Water tap

Oro Valley’s town council met in-person on Wednesday, Sept. 8, for the first time since the pandemic hit Arizona to pass new changes to the town’s water code.

Oro Valley’s Water Utility Director Peter Abraham presented in-person at the newly renovated town council chambers on the importance of amending the water code to reflect conservation efforts.

Abraham said the Sept. 8 vote was the last step to a multi-year process. 

“We wanted to insure residents could use their water as they saw fit while also being conscious of this resource,” Abraham said.

The amendments redefine the meaning of water wasting, water code violation penalties, and restrictions that can be put in place during water shortages.

Water code amendments are a proactive response to the recent water shortage declaration made by U.S. officials on Aug. 16, when officials reported that the largest Colorado River reservoir, Lake Mead, had fallen to record lows. Lake Mead’s water supplies the Central Arizona Project (CAP,) which provides Arizona with most of its water supply. However, this declaration would mainly affect Arizona farmers rather than residents.

Even though residents are hardly touched by the new shortage, updating the water code provides Oro Valley’s water utility with the tools to enforce conservation and compliance if CAP resident water shortages occur.

Abraham expressed little concern for water shortages in the Oro Valley community by saying he doesn’t expect to never meet water demand. However, if water shortages did occur, the new water code would allow Oro Valley water utility to set new usage limits and enforce compliance through fines or service shutoff. The code’s new punishments for water wasting would become increasingly more severe for customers who continue to evade utility warnings.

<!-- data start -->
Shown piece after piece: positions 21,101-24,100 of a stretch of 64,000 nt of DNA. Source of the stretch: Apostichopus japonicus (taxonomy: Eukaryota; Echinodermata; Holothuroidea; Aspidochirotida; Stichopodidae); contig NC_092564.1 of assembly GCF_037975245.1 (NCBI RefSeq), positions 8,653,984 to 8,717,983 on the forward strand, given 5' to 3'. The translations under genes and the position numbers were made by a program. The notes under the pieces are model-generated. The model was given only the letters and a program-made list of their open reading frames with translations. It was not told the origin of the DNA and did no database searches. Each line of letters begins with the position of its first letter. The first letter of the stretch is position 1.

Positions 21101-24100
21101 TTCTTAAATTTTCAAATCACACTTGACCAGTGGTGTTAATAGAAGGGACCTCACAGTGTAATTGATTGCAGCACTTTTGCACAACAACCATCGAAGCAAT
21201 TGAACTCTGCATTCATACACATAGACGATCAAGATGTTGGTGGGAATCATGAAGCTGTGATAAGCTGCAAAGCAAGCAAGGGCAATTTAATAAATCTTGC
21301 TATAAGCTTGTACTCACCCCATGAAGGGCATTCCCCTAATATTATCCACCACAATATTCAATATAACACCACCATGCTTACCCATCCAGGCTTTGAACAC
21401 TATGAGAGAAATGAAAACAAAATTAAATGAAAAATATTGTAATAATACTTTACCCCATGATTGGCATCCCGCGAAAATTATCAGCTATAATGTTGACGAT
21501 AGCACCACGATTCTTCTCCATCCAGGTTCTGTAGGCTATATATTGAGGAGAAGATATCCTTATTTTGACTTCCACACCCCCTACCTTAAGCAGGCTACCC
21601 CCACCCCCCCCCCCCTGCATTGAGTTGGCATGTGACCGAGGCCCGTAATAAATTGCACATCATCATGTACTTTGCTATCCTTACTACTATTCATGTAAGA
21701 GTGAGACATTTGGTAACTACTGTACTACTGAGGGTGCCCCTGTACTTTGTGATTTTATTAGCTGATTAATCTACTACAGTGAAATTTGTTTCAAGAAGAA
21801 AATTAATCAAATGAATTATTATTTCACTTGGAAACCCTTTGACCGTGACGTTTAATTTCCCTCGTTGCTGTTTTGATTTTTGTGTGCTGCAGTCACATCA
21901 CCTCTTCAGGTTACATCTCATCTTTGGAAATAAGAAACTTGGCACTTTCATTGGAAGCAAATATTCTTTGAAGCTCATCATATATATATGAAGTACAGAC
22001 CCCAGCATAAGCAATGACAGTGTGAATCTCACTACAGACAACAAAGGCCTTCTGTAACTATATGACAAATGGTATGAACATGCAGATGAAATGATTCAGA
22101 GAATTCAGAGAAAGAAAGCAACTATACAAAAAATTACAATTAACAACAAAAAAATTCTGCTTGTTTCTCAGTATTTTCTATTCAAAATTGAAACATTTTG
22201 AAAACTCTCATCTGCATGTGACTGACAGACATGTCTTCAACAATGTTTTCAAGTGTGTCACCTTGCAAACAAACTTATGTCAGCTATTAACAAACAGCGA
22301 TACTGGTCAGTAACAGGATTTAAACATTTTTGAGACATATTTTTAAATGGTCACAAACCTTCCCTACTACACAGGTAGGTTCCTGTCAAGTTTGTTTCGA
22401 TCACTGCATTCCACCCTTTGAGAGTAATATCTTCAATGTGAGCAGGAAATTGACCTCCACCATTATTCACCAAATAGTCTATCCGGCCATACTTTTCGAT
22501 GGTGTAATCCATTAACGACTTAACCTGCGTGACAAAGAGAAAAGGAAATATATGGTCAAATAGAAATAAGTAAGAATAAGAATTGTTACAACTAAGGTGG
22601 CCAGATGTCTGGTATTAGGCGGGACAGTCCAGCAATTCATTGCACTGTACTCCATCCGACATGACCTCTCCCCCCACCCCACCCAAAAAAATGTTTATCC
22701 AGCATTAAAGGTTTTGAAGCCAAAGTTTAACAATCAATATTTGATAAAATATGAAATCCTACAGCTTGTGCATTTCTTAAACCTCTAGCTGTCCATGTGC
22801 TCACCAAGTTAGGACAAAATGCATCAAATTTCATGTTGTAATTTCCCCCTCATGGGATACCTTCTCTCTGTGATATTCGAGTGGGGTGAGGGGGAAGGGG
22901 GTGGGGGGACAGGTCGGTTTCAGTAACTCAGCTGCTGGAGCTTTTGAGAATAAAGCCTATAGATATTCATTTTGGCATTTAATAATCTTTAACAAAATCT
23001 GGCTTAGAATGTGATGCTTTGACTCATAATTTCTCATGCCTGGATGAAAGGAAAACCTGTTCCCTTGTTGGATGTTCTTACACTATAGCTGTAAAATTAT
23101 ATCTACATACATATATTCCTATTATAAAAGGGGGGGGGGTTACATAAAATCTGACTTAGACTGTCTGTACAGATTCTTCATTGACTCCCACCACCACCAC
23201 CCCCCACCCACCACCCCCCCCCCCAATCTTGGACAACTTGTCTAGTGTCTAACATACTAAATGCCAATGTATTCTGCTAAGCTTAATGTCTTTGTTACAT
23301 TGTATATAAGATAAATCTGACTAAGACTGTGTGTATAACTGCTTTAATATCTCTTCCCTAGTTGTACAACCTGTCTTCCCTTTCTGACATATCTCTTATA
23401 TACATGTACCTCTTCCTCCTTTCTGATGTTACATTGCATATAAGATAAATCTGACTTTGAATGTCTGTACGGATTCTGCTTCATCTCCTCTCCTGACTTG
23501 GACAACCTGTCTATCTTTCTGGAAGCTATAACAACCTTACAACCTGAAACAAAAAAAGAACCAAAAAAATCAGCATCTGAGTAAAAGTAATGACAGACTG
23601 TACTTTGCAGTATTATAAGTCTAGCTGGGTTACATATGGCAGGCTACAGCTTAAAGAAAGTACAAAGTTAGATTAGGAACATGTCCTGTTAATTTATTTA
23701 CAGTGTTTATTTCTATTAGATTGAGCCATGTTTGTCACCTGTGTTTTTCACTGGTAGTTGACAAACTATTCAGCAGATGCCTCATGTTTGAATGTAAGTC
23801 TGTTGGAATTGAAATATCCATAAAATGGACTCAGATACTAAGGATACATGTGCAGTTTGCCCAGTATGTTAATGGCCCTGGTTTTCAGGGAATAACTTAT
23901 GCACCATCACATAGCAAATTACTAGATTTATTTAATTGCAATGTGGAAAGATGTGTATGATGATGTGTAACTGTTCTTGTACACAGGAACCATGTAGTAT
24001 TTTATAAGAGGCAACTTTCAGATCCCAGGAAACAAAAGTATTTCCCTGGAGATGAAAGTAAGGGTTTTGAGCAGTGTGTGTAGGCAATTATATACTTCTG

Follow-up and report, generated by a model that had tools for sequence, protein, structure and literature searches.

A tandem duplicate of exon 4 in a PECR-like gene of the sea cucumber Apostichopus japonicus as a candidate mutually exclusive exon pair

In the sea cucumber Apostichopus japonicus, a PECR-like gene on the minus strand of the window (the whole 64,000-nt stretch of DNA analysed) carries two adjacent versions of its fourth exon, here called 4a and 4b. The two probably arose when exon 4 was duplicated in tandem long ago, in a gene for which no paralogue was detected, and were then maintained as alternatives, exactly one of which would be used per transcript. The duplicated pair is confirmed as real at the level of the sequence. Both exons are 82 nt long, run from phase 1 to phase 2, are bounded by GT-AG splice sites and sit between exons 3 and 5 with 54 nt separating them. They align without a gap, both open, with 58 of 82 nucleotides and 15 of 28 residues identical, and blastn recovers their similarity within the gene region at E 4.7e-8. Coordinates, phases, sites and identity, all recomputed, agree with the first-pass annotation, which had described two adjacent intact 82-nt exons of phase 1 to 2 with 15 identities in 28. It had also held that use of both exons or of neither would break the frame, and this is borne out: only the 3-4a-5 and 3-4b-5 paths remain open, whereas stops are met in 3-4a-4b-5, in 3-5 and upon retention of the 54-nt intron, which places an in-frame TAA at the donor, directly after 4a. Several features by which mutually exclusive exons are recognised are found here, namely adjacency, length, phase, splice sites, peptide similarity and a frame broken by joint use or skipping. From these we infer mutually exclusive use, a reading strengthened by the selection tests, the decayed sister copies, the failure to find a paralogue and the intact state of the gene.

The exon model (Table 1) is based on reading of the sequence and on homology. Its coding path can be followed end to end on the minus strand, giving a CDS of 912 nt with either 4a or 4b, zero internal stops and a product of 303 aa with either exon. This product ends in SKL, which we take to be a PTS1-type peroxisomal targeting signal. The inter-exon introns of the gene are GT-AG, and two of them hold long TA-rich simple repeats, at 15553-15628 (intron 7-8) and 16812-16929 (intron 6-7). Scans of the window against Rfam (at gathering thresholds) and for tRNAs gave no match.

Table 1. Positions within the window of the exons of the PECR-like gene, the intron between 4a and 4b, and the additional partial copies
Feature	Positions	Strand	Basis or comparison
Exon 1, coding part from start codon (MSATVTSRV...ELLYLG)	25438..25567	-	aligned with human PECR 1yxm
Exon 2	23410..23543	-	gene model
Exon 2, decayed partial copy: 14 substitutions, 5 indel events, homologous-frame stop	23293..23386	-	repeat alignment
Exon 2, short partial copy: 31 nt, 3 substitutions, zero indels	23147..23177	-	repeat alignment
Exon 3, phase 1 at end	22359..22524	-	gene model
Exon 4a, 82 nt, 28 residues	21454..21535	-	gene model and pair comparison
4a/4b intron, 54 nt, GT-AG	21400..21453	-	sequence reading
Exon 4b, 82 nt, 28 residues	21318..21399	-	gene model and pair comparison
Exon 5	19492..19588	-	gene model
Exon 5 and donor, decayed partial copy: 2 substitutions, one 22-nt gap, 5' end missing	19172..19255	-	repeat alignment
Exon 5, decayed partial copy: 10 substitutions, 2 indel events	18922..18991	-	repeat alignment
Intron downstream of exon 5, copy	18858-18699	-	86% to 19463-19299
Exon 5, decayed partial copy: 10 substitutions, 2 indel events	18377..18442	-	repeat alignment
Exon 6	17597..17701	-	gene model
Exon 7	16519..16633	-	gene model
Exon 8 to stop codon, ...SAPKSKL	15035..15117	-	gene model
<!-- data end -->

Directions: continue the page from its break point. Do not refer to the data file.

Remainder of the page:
The code also includes new definitions for water wasting.

“Residents have emailed us pictures saying, ‘Hey, every morning I go by this business and their irrigation is messed up.’ If their irrigation is running down the street and its reoccurring, then that’s textbook water wasting,” Abraham said.

The code draft said the Utility would start penalizing customers by notifying residents several times before charging their accounts with fines. Fines start at $100 and increase to double the monthly bill if water usage isn’t curtailed. After that, the utility could consider shutting off a customer’s water supply.

Mayor Joe Winfield asked Abraham to consider implementing an incentive program for water conservation.

“The pocket book is the best incentive,” Abraham said. Oro Valley water utility has a tiered commodity rate that gives the lowest monthly prices to customers who use between 0 to 7,000 gallons of water a month. Yet, most water customers in Oro Valley fall in this bracket.

Winfield requested Abraham look at introducing new incentive programs for water customers.

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